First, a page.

The original intention was for a good cause, but it seems like this practice is very outdated. Bottom line: there is still a whole lot of research that needs to be done in regards to women’s health in general, let alone the health of pregnant women, and it ain’t happening.

4. Britain and Their Appliance Plugs

This is a very strange one. Between 1980 and 1989, almost 3,000 people in Great Britain had to be rushed to the hospital due to injuries caused by plugs that were not wired correctly. And 32 people died for the same reason between 1980 and 1988.

What in the world was going on across the pond, you ask? Well, it wasn’t until the 1990s that manufacturers in Great Britain were required to sell plugs with appliances like blenders, toasters, etc. Dwellings were not uniformly wired and there was no standard wall socket up until the late 1940s, so the Brits were accustomed to buying their appliances and their plugs separately and then wiring it themselves. By the early 1990s, 95% of British households had the standard three-prong plug that had been around since 1947, but companies didn’t want to lose out on money, so the separate sales continued (even though people were getting killed).

The government finally stepped in and put an end to it…and it only took about 45 years!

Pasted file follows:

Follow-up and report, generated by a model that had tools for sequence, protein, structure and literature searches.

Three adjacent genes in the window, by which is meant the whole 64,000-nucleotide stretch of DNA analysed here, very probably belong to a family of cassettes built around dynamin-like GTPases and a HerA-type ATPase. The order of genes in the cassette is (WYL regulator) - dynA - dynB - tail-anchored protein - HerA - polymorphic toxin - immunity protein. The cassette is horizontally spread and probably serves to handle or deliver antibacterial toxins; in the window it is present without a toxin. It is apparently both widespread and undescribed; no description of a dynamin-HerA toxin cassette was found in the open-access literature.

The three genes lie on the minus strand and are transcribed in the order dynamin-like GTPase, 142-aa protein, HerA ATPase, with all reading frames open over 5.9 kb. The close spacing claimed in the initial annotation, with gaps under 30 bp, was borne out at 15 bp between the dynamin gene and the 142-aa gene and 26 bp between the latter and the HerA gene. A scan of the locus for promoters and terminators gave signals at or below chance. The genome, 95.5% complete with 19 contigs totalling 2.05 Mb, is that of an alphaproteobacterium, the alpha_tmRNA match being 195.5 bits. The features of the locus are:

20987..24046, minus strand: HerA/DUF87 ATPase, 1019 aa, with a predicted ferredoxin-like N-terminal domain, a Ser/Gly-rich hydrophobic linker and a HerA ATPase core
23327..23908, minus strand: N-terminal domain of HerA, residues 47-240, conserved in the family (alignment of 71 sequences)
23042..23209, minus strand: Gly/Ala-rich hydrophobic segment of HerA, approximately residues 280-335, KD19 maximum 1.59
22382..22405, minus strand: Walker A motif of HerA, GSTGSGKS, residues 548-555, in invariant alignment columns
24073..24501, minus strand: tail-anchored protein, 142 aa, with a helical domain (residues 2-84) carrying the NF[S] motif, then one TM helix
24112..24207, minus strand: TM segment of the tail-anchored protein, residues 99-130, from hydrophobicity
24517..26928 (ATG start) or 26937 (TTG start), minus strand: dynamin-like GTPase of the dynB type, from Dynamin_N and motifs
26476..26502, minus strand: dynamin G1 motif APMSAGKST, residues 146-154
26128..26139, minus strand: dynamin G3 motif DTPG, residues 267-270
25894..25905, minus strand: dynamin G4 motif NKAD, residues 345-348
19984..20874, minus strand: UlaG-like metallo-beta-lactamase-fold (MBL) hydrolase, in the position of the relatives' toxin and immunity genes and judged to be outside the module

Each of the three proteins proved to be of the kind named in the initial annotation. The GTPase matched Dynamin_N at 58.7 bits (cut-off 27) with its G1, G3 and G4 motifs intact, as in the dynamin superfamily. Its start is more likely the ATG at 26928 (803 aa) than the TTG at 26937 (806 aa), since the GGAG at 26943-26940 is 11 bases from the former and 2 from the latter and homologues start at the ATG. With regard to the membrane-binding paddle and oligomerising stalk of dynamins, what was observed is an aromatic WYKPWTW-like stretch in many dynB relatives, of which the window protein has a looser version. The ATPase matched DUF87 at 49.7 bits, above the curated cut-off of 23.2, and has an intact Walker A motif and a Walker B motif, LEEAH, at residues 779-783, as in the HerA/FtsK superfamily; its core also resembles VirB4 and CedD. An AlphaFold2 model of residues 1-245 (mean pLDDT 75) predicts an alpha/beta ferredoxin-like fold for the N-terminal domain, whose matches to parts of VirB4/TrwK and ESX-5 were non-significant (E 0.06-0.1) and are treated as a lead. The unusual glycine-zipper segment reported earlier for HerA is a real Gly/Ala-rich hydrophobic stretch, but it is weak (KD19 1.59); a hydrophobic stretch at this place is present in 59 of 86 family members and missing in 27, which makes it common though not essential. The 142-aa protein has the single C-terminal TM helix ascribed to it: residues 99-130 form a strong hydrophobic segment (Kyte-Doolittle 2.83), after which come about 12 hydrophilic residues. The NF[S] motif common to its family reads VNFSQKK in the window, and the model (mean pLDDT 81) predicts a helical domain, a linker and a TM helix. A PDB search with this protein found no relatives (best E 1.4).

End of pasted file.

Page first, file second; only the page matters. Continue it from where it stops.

5. Planned Obsolescence

This may sound like an unfamiliar term, but trust me, you deal with this every day. Planned obsolescence basically means that everything you buy has an expiration date on it and will become obsolete at some point. But it wasn’t always this way, friends.

In the early 1900s, products were made to last. There are literally light bulbs that have been in use for over 100 years and they’re still going strong. So why did this change? In 1924, bigwigs from the world’s largest lighting companies (Philips, General Electric, and Osram) got together and dreamed up the “1,000 hour light bulb” that we’re familiar with today. The businessmen wondered why they should manufacture a product that people only had to buy once when they could make something that people would have to buy over and over again.

Photo Credit: pxhere

This business and manufacturing philosophy spread to other companies and that’s why we live in a world where you have to not only replace your burned-out light bulbs all the time, but also your laptop, your phone, and even your clothes. It’s now the industry standard.

Hey, the world belongs to big corporations, we just live in it.